“I want to make music that is communicative – so not only what’s on the surface will be enjoyable, but it will also offer some kind of intellectual discourse with a listener.” — Roberto Sierra
On October 14, the Royal Liverpool Philharmonic opens its concert season with the premiere of Roberto Sierra’s Sinfonia No. 6, conducted by Domingo Hindoyan. Co-commissioned with the Boston Symphony and the National Polish Radio Symphony Orchestra, Sinfonia No. 6 is a result of the Liverpool Philharmonic’s successful premiere from last season of the composer’s Trumpet Concerto “Salseando,” written for soloist Pacho Flores. The new 22-minute work is scored for: piccolo; 2 flutes; 2 oboes; 2 clarinets; bass clarinet; 2 bassoons; contrabassoon; 4 horns; 3 trumpets in C; 3 trombones; tuba; timpani, 3 percussion, and strings. A subsequent performance follows on October 16, and the concert will be streamed on-demand on October 28.
Sierra shares some insight into his new symphonic work. “The genesis of Sinfonia No. 6 came about in a conversation with conductor Domingo Hindoyan. He wanted me to write a symphonic work for his inaugural concert as music director of the Royal Liverpool Philharmonic Orchestra. He mentioned that the other work on the program would be Beethoven’s 9th Symphony, and in jest, I replied that if I write a companion symphony it would be my 6th symphony, a Pastoral Symphony! Although my initial reaction was humorous in nature, the idea started to take hold in my imagination. The challenge was phenomenal — how can I create a sonic representation of ‘nature’ in a modern sense? It is impossible to go back to an early 19th-century bucolic and sylvan representation of nature, but still our world — with all its turmoil — fascinates and inspires me, as it did for composers in the past.”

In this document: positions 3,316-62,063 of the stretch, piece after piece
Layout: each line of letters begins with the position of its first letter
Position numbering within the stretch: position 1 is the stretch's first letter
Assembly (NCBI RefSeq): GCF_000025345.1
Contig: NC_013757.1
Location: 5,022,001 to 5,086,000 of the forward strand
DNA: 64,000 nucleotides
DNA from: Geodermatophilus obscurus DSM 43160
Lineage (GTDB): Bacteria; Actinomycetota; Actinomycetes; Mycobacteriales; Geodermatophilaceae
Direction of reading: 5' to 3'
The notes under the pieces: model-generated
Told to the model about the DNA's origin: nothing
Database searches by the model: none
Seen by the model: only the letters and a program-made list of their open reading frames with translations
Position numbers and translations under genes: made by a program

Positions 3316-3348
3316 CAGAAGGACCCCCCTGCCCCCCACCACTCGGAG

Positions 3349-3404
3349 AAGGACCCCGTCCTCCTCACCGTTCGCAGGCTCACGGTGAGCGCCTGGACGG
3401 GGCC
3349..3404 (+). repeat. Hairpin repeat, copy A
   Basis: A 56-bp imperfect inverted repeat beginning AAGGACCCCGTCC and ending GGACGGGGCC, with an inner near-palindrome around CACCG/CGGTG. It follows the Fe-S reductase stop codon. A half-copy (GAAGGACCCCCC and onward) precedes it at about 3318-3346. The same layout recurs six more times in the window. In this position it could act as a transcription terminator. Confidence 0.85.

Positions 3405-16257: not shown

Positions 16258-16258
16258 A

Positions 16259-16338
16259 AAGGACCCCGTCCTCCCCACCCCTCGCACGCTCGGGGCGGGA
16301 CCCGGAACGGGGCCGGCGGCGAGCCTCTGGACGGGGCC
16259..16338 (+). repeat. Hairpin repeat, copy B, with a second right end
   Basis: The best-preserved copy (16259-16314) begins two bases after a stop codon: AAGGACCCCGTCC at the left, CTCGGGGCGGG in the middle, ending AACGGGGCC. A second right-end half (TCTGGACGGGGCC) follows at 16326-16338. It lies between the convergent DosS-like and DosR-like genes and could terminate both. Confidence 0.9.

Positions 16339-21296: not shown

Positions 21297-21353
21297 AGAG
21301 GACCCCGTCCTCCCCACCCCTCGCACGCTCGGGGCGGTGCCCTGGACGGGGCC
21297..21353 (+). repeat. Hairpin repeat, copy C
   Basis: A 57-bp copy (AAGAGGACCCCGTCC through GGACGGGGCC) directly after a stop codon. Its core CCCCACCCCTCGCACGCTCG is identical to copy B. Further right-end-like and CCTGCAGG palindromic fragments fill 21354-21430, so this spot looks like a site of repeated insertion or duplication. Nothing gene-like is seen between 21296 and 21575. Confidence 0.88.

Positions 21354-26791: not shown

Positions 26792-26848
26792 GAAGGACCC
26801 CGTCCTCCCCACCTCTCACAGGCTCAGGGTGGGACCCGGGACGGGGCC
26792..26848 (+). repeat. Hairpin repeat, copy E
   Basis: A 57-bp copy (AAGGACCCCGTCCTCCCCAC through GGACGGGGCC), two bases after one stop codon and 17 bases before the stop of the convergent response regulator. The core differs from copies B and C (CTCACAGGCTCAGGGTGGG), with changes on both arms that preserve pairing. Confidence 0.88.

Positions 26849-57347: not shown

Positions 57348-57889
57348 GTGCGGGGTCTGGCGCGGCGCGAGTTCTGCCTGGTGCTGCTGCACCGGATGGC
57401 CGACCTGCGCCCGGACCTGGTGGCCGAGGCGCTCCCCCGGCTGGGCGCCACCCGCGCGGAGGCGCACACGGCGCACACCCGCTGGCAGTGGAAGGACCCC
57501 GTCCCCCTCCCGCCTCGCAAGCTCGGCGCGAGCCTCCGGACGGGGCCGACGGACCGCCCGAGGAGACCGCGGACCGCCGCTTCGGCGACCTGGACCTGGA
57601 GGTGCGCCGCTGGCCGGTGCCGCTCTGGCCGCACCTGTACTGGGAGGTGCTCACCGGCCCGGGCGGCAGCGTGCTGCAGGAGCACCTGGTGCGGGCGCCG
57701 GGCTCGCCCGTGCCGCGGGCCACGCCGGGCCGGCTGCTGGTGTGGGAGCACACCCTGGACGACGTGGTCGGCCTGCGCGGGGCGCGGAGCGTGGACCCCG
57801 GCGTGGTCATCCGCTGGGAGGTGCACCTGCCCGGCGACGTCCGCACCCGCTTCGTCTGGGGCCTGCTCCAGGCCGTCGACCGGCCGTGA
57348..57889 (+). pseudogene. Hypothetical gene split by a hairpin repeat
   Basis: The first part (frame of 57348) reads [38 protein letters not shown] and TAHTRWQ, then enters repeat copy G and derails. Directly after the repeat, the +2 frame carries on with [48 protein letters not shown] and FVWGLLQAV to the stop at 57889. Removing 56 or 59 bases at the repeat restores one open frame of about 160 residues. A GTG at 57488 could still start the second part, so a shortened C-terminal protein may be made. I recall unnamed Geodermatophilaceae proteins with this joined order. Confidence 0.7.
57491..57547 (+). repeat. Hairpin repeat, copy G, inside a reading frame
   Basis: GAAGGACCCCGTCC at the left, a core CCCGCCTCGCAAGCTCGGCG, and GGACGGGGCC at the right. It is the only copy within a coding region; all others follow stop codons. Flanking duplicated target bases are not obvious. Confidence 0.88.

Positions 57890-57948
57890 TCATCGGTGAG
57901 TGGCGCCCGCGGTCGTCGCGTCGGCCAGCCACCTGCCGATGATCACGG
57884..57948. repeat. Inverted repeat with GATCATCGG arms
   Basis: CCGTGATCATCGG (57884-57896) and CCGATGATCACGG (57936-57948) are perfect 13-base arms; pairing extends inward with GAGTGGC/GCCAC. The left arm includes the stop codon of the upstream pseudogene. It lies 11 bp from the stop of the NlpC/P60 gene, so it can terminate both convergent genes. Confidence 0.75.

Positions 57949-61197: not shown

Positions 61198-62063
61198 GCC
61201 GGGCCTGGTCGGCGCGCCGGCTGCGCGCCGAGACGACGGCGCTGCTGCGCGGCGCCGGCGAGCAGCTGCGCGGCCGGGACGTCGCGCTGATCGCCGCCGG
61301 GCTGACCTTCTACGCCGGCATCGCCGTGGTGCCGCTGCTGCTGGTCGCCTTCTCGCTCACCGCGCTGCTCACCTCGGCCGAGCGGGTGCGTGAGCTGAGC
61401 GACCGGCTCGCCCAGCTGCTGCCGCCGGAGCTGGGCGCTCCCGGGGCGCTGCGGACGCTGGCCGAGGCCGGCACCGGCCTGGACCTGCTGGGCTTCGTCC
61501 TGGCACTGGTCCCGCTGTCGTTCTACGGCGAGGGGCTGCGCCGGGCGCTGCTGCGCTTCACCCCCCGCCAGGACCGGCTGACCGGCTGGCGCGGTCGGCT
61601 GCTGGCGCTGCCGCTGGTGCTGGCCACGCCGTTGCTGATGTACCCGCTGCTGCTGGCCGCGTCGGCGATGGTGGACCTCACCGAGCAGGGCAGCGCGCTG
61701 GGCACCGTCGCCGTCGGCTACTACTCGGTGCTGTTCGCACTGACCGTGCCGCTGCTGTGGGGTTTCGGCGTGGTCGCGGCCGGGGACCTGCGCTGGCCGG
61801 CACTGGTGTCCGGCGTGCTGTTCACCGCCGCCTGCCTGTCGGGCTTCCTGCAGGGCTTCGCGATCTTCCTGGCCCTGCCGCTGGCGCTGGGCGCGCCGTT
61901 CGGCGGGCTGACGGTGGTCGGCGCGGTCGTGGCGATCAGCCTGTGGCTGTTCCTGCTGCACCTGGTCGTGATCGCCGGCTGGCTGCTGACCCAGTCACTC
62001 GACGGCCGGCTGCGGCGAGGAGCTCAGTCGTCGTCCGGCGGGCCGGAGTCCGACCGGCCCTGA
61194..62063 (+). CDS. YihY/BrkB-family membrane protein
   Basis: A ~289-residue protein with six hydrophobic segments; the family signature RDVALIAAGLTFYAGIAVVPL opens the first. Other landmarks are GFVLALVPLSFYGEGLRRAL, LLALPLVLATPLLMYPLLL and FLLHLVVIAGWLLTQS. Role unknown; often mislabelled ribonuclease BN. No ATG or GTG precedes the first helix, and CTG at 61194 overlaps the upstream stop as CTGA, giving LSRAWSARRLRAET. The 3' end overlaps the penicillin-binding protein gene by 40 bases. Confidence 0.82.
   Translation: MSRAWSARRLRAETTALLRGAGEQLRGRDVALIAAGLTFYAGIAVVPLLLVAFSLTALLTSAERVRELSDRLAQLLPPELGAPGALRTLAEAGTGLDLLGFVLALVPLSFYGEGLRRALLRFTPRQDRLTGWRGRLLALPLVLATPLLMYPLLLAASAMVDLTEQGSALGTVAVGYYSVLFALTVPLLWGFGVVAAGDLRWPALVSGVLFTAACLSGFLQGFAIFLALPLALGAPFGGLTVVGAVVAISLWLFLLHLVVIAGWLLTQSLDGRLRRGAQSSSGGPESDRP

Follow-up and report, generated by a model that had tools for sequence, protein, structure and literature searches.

He continues. “Each movement reflects memories from my life in Puerto Rico. The memories of my youth, they have never abandoned me. But my memory is of a place that is not there anymore. ‘Memoria Urbana’ (Urban Memory) contains the pulse and vitality of the city life, which at times can be violent but can also overwhelm us with images of sublime beauty. The magical nights of the tropics with the infinite starry skies and the wondrous sounds of the fauna inspired ‘De noche’ (At Night), and the terrifying natural forces of the tropics guided the form and the sounds of ‘Huracán’ (Hurricane), where the eye of the storm interrupts with it ominous calm and the relentless beating of the storm. The symphony ends with ‘Final’ (End), a celebration of the rhythms of the Caribbean. While the work has programmatic content, the framework is structured as a ‘symphony’, with a first movement in Allegro Sonata form.”